19 cm – 2013-2016 Dodge Dart.
I was happy to write about the Dodge Dart in previous rankings for safe small cars, and am disappointed to see FCA discontinue it after the 2016 model year, as it was a well-designed small car from a safety standpoint. Fortunately, this does mean that there will be a healthy used market for the Dart for individuals and families on a budget. Unfortunately, it means that the options for great new small cars are a little slimmer this year than they were last year.
You can read my full 3 across car seat guide to the Dart here.
18.5 cm – 2016 Scion iA / Toyota Yaris iA.
The iA is a Mazda 2 that was rebranded in the US as the Scion iA before being rebranded again as the Toyota Yaris iA. Regardless of what it’s called, it’s a good car. The first minicar on the list, it features good safety scores in every area, including in the small overlap test, and even features some level of automated front crash prevention. I’m looking forward to learning more about how the iA performs in real-world conditions under the ultimate metric: the driver death rate.
18.5 cm – 2016 Honda Civic.
Honda makes its first appearance in a car-based side impact resistance list with the new Civic. It features great safety scores all around and rounds out the top 5 by tying the iA with 18.5 cm of crush resistance. All signs point to this being the safest Civic yet, and as with every other vehicle on this list, I’m looking forward to seeing how it performs in actual driver death rate statistics.
You can read my full 3 across car seat guide to the Civic here.
How to choose a car to keep you safe in side impact crashes
In conclusion, what does this all mean? Should you sell your current car and buy one of the above immediately? Is every other car on the road just not good enough?
Well, not exactly. There are a number of other great vehicles that I didn’t include on the list to save time that were literally only a centimeter or two away from appearing on the list. The Toyota Prius, for example, was recently estimated to have been the small car with the lowest driver death rate by the IIHS, beating out a number of huge SUVs and pickup trucks. It is by all accounts one of the safest cars you can currently buy. However, the current generation didn’t make the list because it had an intrusion score of 17.0 cm the last time I checked, and I cut the list off at 18.5 cm. And to be precise, the version of the Prius that did very well was the 2010-2011 Prius, which had an intrusion score of 11-11.5 cm and wouldn’t have been anywhere near this list even if I’d extended it significantly.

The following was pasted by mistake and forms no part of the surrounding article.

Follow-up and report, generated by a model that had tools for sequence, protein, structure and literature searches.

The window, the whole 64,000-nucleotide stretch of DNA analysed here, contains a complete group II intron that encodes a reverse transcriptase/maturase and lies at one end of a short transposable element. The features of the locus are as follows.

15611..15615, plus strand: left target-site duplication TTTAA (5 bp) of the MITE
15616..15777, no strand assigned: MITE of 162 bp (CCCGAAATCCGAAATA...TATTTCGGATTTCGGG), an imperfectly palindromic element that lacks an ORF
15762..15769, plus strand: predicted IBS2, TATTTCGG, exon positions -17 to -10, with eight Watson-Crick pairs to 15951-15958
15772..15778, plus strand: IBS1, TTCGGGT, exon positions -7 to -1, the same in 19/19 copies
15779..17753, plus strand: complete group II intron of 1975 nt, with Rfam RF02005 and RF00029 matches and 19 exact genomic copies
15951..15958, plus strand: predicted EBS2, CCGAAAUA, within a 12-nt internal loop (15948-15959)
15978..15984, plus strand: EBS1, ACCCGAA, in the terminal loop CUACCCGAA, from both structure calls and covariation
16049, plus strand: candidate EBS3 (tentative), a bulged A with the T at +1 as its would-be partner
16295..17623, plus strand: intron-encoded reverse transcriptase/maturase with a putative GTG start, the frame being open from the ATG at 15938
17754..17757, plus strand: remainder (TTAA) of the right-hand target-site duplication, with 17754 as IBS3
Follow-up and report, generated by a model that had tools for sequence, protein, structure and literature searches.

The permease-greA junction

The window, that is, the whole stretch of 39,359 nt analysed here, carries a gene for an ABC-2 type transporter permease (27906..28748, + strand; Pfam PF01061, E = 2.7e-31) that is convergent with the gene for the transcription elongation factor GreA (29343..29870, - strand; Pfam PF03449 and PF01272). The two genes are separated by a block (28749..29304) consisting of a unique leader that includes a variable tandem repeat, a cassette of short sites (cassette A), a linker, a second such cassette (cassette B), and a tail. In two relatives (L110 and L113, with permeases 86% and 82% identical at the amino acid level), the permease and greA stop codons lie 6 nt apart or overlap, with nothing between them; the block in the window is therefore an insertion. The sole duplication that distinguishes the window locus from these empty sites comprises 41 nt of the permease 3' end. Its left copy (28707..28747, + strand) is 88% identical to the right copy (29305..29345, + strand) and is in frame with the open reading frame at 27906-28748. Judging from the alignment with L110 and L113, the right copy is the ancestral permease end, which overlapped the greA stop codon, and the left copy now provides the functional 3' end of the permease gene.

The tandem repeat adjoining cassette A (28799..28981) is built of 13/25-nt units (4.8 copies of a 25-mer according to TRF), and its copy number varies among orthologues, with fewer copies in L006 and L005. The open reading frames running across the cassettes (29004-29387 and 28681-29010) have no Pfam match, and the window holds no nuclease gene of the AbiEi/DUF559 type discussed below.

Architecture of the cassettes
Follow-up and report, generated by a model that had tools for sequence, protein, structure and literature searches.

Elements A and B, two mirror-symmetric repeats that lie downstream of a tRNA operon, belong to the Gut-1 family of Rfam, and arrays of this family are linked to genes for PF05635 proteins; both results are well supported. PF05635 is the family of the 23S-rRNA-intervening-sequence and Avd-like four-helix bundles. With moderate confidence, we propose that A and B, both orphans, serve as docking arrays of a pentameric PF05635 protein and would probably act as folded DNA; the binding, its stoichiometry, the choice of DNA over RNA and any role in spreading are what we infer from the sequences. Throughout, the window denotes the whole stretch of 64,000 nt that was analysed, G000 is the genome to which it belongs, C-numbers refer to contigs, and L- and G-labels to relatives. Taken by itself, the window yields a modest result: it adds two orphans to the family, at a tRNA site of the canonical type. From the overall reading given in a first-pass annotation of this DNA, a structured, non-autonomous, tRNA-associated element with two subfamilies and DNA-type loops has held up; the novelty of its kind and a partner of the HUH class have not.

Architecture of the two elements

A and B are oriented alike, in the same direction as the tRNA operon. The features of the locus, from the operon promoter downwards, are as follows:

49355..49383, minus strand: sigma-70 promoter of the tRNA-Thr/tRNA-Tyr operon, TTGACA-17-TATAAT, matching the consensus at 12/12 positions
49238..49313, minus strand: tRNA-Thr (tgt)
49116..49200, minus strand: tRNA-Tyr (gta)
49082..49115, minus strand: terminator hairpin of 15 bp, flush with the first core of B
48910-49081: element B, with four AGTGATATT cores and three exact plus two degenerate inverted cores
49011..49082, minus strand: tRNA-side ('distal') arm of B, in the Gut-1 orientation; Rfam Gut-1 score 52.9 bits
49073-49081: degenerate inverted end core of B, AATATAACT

There are also a number of additional vehicles that didn’t make the cutoff simply because I was only interested in the top vehicles for this post. This doesn’t mean there aren’t other safe choices out there. It just means I focused on the very best-performing ones. The 2016 Toyota Corolla, for example, wasn’t included even though it featured 18.5 cm of side impact crush resistance because its overlapping seat belt design effectively prohibits the safe transport of more than 4 passengers (or 2 car seats) at a time.
The takeaway message is that it’s worth looking beyond the overall “good” score and diving into the structural integrity subscore when searching for safe cars for this particular kind of crash. Of course, you’ll start with looking for airbags and the overall “good” score, but beyond that, if you’re choosing between two vehicles that seem good on paper, dive into this subscore and you might be surprised at what you find. And remember that just because a car isn’t anywhere near the top numbers on this list doesn’t mean it’s not safe.
We can’t control everything. The safest option is still not driving at all, followed by driving as little as possible. But if you’ve got to drive, drive safely, and do your best to choose a safe vehicle. To that end, my safe family vehicle analyses for cars and SUVs are worth reading.
I hope you enjoyed reading this as much as I enjoyed writing it. It’s exciting to see where we’re headed in vehicle safety these days. I’ll have followup articles soon comparing comparing car and SUV safety along the same metrics. Stay tuned, remember to avoid common mistakes parents make with car seats, and check out some 3 across car seat guides while you’re here.